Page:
How to Bring a Boat Along on Your RV Vacation

A majority of popular RV destinations involve water of some kind. Whether they are along a river, or a lake, or some other body of water, many people love the beauty and tranquility that comes with camping near water. If you would like to get out and play on that water using a watercraft, you will need to have a plan for how you are going to transport it to the campsite along with your RV. Fortunately, there are a few options available to you. Before you purchase an RV, or a watercraft for that matter, make sure you think about how the two will work together so you can get all of your gear safely to the campsite.

Can You Tow?

The first thing to think about when figuring out your watercraft ‘plan’ is whether or not you will be able to tow a boat or other watercraft on a trailer. Obviously, if you are already towing a RV trailer with your truck, you won’t be able to tow a boat at the same time. However, with a motorhome, you might be able to tow a boat depending on the size of both the motorhome and the boat, as well as any regulations in your state. You need to do research about the legality of towing a boat, and also how much weight your motorhome is able to pull. This can be a viable option for many RV’ers, but it is one that will need to be looked into carefully ahead of time.

RVing with a boat1If you aren’t going to be able to tow a boat along with your RV, don’t worry – there are plenty of other options to get out on the water. For those with a truck pulling a trailer, one of the best options is going to be putting the boat up on top of the truck. You might need to get a smaller boat with fewer features than you would have if you were pulling it on a trailer, but you still can bring a boat along for the trip. There are a variety of systems for getting a boat up on top of your truck, so look around on the market and locate one that will work best for your personal situation.

Consider a Camper

In the case of those who already own a large boat which must be towed – or are simply set on having a big boat to explore the water with – a camper that you can put on the back of your truck may be a good compromise. These are usually not a good choice for big families, but they work well if you are just traveling with a party of two. If you have a large enough truck, you should still be able to pull a good-sized boat while the camper is on the back of the truck, but research towing capacities ahead of time to be sure. Another advantage to picking a camper as your RV of choice is that they often retail for a good bit less than other RV options, so you can enjoy those savings – and maybe spend them on your boat!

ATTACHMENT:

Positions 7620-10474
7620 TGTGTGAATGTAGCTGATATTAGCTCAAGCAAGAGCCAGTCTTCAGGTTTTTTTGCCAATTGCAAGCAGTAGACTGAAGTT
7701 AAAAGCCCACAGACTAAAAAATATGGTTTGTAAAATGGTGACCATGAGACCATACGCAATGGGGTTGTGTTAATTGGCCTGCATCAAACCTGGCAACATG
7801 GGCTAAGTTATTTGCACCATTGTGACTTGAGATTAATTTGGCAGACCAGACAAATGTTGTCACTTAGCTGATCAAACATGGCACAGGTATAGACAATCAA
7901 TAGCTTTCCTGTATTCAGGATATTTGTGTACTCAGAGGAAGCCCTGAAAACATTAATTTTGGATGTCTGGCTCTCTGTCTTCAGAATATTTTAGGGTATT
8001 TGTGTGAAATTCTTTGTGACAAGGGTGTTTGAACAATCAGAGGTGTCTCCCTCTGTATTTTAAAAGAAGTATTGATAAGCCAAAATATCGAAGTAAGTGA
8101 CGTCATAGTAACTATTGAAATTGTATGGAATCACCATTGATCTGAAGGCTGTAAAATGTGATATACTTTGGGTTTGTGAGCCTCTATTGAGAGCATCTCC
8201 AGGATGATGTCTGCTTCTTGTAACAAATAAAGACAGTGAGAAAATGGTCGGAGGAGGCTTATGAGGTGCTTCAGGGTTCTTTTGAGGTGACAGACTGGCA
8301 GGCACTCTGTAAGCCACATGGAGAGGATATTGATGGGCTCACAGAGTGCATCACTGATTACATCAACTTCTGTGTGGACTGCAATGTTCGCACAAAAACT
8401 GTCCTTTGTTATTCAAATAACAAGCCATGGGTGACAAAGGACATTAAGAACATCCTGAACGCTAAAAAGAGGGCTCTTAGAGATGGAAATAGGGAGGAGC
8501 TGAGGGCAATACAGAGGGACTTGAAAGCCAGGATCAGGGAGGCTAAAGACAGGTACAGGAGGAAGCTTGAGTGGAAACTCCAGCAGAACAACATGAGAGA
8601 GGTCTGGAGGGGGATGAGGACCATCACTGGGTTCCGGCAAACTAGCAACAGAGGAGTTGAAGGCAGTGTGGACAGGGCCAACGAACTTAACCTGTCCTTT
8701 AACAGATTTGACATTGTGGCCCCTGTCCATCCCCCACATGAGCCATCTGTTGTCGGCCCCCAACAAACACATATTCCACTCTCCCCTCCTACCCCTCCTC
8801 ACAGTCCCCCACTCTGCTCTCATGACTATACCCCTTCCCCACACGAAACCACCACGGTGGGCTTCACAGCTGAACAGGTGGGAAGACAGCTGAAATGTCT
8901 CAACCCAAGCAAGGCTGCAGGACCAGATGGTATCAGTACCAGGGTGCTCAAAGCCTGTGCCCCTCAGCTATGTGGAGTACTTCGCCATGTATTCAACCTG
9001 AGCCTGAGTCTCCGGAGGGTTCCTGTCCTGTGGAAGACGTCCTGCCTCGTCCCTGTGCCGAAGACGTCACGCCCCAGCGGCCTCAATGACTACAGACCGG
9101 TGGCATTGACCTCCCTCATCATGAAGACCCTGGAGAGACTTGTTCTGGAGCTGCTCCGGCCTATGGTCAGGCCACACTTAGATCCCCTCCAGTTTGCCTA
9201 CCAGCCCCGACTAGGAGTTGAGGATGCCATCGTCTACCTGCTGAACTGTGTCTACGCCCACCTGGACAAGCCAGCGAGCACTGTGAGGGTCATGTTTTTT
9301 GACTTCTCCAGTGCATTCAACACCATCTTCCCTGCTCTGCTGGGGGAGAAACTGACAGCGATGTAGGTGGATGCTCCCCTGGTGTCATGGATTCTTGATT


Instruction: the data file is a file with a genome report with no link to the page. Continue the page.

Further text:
Bring A Boat RVingSmaller Craft

When none of the options above are going to work for you and your situation, you can always consider smaller craft such as kayaks or small canoes. While those choices won’t give you the same capability on the water as a full-sized boat, they will allow you to have fun on the water and don’t require nearly as much in terms of space or towing capacity. A lightweight kayak can even be put on top of a small car with the right rack, or you might be able to fit it in the bed of your truck. As a last resort, you could look into inflatable watercraft options that can be deflated and stored away for the trip to and from the campground.

For water lovers, the RV experience won’t be complete without a way to get out and explore the bodies of water near your campsite. Using the ideas above, you should be able to figure out a method to get both your boat and your RV to the campsite in a safe and efficient manner. You might have to be a little creative and make a couple sacrifices along the way, but be flexible and settle on the right choice for you and your family.

  • Check your facts. Some (not all) states allow triple tow. There are maximum lenghts for the towing vehicle and the two trailers.

    Check the laws for the state you plan to travel. Most east coast states do not allow it.

  • We just tow the boat with a truck and I follow in the Class A RV with our bikes on a hitch bike rack. Depending on the size of your RV it can be hard to launch your boat. I prefer to have the RV set up at campsite and then able to take the boat and put in or out whenever and where ever I want.

  • Towing doubles is an option, in some states, but can get extremely unstable. Pulling a boat behind a 5th wheel is safer than behind a ball hitch.
    I put a 13 foot aluminum boat on the roof of my pickup, and put the motor in the back. I’m not only able to go fishing, I have an aerodynamic wedge in front of my trailer.

  • Another thought about towing or not.
    I have an RV Kayak Rack for our bikes and kayaks. It fits right in my 2″ receiver. It works great for me… I also manufacture the rack systems. They are the original Yakups brand vertical racks made for any Recreational Camping vehicle style using high quality adjustable stainless steel guards to fit your watercraft.

  • We have an inflatable Zodiac with a small outboard that we blow up wen we get there and deflate for the trip home.